Although a middle-income country by Western standards, China's rapid growth has pulled hundreds of millions—800 million, to be more precise—of its people out of poverty since 1978. China_sentence_451

By 2013, less than 2% of the Chinese population lived below the international poverty line of US$1.9 per day, down from 88% in 1981. China_sentence_452

China's own standards for poverty are higher and still the country is on its way to eradicate national poverty completely by 2019. China_sentence_453

From 2009 to 2018, the unemployment rate in China has averaged about 4%. China_sentence_454

Given concerns about population growth, China implemented a two-child limit during the 1970s, and, in 1979, began to advocate for an even stricter limit of one child per family. China_sentence_455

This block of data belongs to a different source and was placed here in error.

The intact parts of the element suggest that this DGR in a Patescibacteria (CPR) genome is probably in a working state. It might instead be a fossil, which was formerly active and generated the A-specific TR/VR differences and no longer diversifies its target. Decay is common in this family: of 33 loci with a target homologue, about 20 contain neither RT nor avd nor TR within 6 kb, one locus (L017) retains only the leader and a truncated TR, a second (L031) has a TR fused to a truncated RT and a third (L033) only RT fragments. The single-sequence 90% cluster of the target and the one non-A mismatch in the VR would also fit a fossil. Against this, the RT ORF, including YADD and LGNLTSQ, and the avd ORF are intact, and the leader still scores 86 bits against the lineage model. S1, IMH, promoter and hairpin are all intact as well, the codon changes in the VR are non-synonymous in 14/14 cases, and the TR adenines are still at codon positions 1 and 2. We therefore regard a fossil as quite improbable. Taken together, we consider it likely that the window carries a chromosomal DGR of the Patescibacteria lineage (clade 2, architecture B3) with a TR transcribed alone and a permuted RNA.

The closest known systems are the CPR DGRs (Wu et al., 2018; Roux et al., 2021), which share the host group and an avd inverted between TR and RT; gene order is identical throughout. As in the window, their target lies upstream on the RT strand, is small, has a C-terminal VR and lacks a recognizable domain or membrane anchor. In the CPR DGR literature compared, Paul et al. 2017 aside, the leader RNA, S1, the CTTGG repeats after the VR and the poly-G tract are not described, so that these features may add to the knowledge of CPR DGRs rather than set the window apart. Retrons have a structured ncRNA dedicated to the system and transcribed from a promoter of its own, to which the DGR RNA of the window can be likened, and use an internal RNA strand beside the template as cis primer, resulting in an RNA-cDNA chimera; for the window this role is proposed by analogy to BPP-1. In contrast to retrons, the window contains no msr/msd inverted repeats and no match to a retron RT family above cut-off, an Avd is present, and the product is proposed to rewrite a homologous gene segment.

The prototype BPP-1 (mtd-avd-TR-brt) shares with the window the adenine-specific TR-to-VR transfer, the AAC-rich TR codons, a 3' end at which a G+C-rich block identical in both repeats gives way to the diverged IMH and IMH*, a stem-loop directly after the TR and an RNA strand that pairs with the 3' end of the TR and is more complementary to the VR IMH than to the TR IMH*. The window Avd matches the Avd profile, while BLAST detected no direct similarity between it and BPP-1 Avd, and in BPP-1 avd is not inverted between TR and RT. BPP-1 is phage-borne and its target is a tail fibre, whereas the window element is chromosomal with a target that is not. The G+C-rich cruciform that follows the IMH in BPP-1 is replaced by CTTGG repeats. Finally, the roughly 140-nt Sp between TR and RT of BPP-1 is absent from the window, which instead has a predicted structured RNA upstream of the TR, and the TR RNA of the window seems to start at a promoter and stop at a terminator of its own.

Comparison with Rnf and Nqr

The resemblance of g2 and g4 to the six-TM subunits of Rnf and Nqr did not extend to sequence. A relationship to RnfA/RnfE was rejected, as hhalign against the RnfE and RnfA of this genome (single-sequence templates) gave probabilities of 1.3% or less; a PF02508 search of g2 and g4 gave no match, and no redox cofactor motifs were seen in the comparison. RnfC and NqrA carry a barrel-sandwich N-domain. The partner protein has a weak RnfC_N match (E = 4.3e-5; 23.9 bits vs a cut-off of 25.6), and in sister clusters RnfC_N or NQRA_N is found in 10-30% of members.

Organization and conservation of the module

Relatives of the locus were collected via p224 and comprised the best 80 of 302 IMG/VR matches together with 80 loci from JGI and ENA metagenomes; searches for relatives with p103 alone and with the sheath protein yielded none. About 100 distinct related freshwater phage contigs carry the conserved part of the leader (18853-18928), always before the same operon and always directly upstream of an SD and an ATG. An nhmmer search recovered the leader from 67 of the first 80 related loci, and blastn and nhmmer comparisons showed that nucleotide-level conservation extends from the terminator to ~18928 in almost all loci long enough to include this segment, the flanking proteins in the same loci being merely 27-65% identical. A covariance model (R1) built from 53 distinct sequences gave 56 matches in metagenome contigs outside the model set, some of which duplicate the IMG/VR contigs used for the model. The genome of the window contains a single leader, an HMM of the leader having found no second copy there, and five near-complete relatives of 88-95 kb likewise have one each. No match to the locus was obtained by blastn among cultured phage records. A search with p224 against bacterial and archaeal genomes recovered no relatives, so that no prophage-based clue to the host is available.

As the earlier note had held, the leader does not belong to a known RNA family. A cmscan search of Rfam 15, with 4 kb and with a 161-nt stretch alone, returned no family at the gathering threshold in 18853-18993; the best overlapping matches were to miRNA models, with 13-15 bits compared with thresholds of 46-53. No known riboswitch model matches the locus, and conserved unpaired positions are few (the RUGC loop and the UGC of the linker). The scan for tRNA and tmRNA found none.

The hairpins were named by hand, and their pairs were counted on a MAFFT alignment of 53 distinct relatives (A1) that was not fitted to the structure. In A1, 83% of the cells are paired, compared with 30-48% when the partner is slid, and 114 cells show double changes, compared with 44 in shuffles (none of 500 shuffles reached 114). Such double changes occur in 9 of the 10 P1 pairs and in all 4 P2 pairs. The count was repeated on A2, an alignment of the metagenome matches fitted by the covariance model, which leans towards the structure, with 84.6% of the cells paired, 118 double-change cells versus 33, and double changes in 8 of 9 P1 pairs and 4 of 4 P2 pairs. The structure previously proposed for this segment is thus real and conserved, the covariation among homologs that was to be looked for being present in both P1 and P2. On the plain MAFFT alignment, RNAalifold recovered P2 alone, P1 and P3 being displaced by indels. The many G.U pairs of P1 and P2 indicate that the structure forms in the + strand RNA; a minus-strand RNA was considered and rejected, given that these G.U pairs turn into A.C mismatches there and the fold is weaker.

Beginning in the mid 1980s, however, given the unpopularity of the strict limits, China began to allow some major exemptions, particularly in rural areas, resulting in what was actually a "1.5"-child policy from the mid-1980s to 2015 (ethnic minorities were also exempt from one child limits). China_sentence_456

The next major loosening of the policy was enacted in December 2013, allowing families to have two children if one parent is an only child. China_sentence_457

In 2016, the one-child policy was replaced in favor of a two-child policy. China_sentence_458

Data from the 2010 census implies that the total fertility rate may be around 1.4, although due to underreporting of births it may be closer to 1.5–1.6. China_sentence_459

According to one group of scholars, one-child limits had little effect on population growth or the size of the total population. China_sentence_460